Home Health & Hospice

Weekly Roundup

Homecare Insider, February 8, 2016

CMS extends Medicare home health moratorium
CMS has extended its moratorium on the enrollment of Medicare home health agencies in six metropolitan areas for six more months. That means anyone planning to open new home health care agencies, subunits, or branch offices in the Chicago, Detroit, Houston, Dallas, Miami, and Fort Lauderdale, Florida, metropolitan areas will have to wait, according to a Federal Register notice published last week.

The U.S. Department of Health and Human Services Office of the Inspector General believes a significant potential for fraud, waste, and abuse continues to exist in these geographic regions, according to the notice, which was posted February 2.

“The circumstances warranting the imposition of the [moratorium] have not yet abated, and CMS has determined that the moratoria are still needed as we monitor the indicators and continue with administrative actions, such as payment suspensions and revocations of provider/supplier numbers,” the notice says.

Source: CMS, The Federal Register 

Report: Streamlined Medicaid process would boost home health
A new report from the Bipartisan Policy Center’s (BPC) Long-Term Care Initiative recommends making it easier for states to fund home- and community-based services (HCBS) through their Medicaid programs. The report, titled “Initial Recommendations to Improve the Financing of Long-Term Care,” was supported by a grant from The SCAN Foundation and was released last week.

HCBS programs vary dramatically from state to state, in part because the process of getting waivers through state Medicaid plan amendments is too complicated. Using the streamlined waiver suggested by the BPC, states could:

  • Offer services to people who do not require institutional-level care
  • Cover any item or service that the Health and Human Services Secretary has approved for coverage under an HCBS waiver, including certain rehabilitative and respite care
  • Qualify for certain federal matching funds

Source: BPC, The SCAN Foundation  
Survey takes measure of HCBS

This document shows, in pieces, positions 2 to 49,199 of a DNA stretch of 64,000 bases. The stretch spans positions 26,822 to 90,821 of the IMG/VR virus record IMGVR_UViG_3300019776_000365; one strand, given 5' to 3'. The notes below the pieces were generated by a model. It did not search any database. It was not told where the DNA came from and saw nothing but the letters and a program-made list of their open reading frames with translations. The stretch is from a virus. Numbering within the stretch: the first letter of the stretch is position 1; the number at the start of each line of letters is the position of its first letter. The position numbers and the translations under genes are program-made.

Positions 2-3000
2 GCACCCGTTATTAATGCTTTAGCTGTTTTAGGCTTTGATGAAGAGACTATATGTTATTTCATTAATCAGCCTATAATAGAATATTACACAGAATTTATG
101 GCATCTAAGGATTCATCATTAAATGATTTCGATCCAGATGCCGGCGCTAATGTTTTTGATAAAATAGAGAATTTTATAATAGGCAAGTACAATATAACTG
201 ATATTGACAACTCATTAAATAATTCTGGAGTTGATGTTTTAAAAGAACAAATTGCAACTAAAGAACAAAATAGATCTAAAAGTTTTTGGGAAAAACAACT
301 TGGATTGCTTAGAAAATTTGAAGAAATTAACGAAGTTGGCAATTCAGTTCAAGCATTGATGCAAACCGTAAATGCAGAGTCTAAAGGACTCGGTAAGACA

A pilot survey of LeadingAge members in three states found that providers offering home and community-based services (HCBS) tend to be larger than those that do not offer these service. The survey of LeadingAge members in Connecticut, Kansas and Washington, was conducted in 2015. Preliminary survey results also found:

  • 67% of respondents provide transportation
  • 64% offer homecare
  • 47% provide physical therapy, and 47% provide occupational therapy
  • 33% offer home health/hospice services

The least common services offered in-house by HCBS providers were Meals on Wheels (28%), infusion therapy (14%), and legal services (3%), according to pilot survey respondents.

Source: LeadingAge 

Clinton, Kasich lead in homecare/hospice
Former Secretary of State Hillary Clinton and former Ohio Governor John Kasich are the U.S. presidential candidates with the best records on homecare and hospice, according to the National Association for Home Care and Hospice (NAHC).

While serving in the U.S. Senate, Clinton was a strong advocate for homecare and hospice who worked to boost access to in-home care programs like Medicaid and Medicare, according to NAHC. She has also included frequent references to home care during her presidential campaign, and in November introduced proposal to permit families to deduct as much as $6,000 per year from federal income taxes for expenses to provide home care to their parents.

During a recent presidential debate, Kasich said one of his most important achievements as governor of Ohio was eliminating the institutional bias that channeled elderly, infirm and disabled Ohioans into nursing homes and other institutions, NAHC stated. Kasich’s advocacy and leadership allowed seniors to move in greater numbers into a variety of in-home care programs, the association added.
Source: NAHC